putting on the spaniel, and putting off the man, and making their whole lives a miserable lie, shrink back from a contrast with the proud and austere dignity of his character! What a comment on their own condition is the memory of a man who could calmly endure the loss of party favor, the reproaches of his friends, the malignant assaults of his enemies, and the fretting evils of poverty, in the hope of bequeathing, like The dying testator of Ford, A fame by scandal untouched, To Memory and Time's old daughter, Truth. The praises which such men are now constrained to bestow upon him are their own condemnation. Every stone which they pile upon his grave is written over with the record of their hypocrisy. We have written rather for the living than the dead. As one of that proscribed and hunted band of Abolitionists, whose rights were so bravely defended by William Leggett, we should, indeed, be wanting in ordinary gratitude not to do honor to his memory; but we have been actuated
Havana (Cuba) (search for this): chapter 1
gned to the Chapel of the Condemned. How far he was implicated in the insurrectionary movement it is now perhaps impossible to ascertain. The popular voice at Havana pronounced him its leader and projector, and as such he was condemned. His own bitter wrongs; the terrible recollections of his life of servitude; the sad conditors. The Heraldo, of Madrid speaks of him as the celebrated poet, a man of great natural genius, and beloved and appreciated by the most respectable young men of Havana. It accuses him of wild and ambitious projects, and states that he was intended to be the chief of the black race after they had thrown off the yoke of bondage. He was executed at Havana in the seventh month, 1844. According to the custom in Cuba with condemned criminals, he was conducted from prison to the Chapel of the Doomed. He passed thither with singular composure, amidst a great concourse of people, gracefully saluting his numerous acquaintances. The chapel was hung with blac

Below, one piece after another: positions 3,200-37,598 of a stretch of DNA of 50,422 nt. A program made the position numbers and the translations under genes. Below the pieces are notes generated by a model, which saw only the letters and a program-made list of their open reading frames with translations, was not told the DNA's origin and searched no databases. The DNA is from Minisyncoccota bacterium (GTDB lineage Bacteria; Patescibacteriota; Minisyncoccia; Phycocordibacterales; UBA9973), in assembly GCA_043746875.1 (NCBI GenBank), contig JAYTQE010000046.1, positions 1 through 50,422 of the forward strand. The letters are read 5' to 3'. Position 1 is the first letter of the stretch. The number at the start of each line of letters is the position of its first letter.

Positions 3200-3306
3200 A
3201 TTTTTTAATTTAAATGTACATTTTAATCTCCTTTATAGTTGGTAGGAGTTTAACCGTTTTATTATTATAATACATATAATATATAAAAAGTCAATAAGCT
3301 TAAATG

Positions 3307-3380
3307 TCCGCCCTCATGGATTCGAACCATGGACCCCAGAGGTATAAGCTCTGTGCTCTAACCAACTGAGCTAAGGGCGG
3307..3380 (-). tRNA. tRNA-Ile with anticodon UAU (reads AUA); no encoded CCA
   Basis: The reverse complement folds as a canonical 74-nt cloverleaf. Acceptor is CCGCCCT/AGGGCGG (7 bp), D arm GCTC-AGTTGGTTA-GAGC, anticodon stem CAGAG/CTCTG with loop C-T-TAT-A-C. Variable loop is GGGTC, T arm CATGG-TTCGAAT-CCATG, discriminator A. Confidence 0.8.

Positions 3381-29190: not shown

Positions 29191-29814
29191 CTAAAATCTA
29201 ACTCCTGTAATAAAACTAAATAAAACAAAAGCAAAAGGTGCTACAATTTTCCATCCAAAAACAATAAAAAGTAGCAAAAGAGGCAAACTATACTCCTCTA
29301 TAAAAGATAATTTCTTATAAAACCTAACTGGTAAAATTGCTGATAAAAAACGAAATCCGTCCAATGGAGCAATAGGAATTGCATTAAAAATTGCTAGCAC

Kingston-upon-Hull (United Kingdom) (search for this): chapter 1
me that will, Tottering Favor's pinnacle; All I seek is to lie still! Settled in some secret nest, In calm leisure let me rest; And, far off the public stage, Pass away my silent age. Thus, when, without noise, unknown, I have lived out all my span, I shall die without a groan, An old, honest countryman. Who, exposed to other's eyes, Into his own heart ne'er pries, Death's to him a strange surprise. He died suddenly in 1678, while in attendance at a popular meeting of his old constituents at Hull. His health had previously been remarkably good; and it was supposed by many that he was poisoned by some of his political or clerical enemies. His monument, erected by his grateful constituency, bears the following inscription:— Near this place lyeth the body of Andrew Marvel, Esq., a man so endowed by Nature, so improved by Education, Study, and Travel, so consummated by Experience, that, joining the peculiar graces of Wit and Learning, with a singular penetration and strength of judgm